That said, this particular piece has several weaknesses. First up, this comment: “that the companies are incapable of building their systems to reflect moral values”. It would be remarkable for global companies to build systems to reflect moral values when even within individual nations there is conflicts regarding such values. Likewise the statement: “It seems highly unlikely that these platforms knowingly allow offensive language to slip through the cracks”. Again, define offensive language at a global level. To make it harder still, trying doing it with different languages and different cultures. The same thing occurs on retail sites when people put offensive images on T shirts. For some retail systems no one from the company that own the platform takes time to review every product that comes in.
And that gets to the problem. All these platforms could be mainly content agnostic, the way the telephone system is platform agnostic. However people are expecting them to insert themselves and not be content agnostic. Once that happens, they are going to be in an exceptional bind. We don’t live in a homogenous world where everyone shares the same values. Even if they converted to non-profits and spent a lot more revenue on reviewing content, there would still be limits to what they could do.
To make things better, these platforms need to be humble and realistic about what they can do and communicate that consistently and clearly with the people that use these systems. Otherwise, they are going to find that they are going to be governed in ways they are not going to like. Additionally, they need to decide what their own values are and communicate and defend them. They may lose users and customers, but the alternative of trying to be different things in different places will only make their own internal governance impossible.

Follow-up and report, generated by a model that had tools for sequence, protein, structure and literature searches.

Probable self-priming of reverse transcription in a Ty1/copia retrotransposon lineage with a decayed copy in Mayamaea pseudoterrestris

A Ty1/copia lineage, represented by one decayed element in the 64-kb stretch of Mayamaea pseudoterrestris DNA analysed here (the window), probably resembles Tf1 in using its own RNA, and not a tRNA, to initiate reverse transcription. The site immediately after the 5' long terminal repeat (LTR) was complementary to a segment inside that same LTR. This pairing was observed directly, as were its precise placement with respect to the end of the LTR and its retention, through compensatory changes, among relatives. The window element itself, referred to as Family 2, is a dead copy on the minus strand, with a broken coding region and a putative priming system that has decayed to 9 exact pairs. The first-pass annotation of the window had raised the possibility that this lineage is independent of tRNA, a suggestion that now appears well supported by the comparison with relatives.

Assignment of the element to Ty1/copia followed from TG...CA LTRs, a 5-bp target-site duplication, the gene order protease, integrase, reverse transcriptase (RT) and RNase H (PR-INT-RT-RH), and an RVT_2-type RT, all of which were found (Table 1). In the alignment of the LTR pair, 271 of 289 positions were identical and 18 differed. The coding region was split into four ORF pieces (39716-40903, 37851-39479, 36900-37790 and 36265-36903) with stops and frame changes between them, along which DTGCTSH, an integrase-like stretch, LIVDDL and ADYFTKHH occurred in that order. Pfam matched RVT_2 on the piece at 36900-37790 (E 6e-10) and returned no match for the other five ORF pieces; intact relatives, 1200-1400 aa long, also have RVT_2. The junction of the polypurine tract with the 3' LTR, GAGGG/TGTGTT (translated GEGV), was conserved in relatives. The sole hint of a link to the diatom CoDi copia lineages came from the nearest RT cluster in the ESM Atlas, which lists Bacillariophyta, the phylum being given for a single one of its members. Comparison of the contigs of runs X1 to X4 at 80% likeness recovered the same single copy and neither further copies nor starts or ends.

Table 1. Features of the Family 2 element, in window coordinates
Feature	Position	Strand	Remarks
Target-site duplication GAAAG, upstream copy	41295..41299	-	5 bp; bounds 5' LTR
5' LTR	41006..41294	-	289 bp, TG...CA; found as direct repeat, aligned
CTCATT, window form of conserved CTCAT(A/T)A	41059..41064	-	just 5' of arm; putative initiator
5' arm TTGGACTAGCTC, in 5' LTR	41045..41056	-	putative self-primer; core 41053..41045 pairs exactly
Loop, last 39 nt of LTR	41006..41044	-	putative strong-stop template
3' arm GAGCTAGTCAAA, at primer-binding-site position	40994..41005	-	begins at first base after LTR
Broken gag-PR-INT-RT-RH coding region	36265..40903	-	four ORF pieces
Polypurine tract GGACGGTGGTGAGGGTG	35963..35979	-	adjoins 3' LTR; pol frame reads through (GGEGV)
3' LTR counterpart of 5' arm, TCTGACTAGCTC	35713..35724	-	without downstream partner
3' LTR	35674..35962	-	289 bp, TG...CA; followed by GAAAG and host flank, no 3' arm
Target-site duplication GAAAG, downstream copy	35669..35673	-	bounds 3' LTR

According to this source, Apple is going into the Health Care Industry: Apple Is Going After The Health Care Industry, Starting With Personal Health Data.
I think a more general statement is that Apple is going to be looking into expanding into services, be they health care, banking, or something else. They’ve already been successful with Apple Pay. I expect they can find niches in health care and other industries that they can easily fit into. Plus they can work with partners to deliver tools to people and health care providers that can save everyone in terms of health care costs.
I’m looking forward to Apple bring forth innovations in health care that results in lower costs and better care. I hope they can deliver.
For more on some current health features from Apple, go here.
This is a pretty cool DIY project: The AIY Voice Kit Lets You Build a Google Home for Only $35.
Now, I have my qualms about letting Google have access to so much personal information. If you do not have such qualms and you want to build a cool project, click the link and head on over to Wired, where they have more information on it and how to get it.
The juicero is toast. Not surprising to me: it was a terrible idea.
While the juicero was terrible, this analysis of the engineering behind the juicero is fantastic: Here’s Why Juicero’s Press is So Expensive – Bolt Blog.
Even if you aren’t interested in this device, read this analysis. You will come away with a much better appreciation of all the devices currently in your own life and some of the thinking that goes into making them.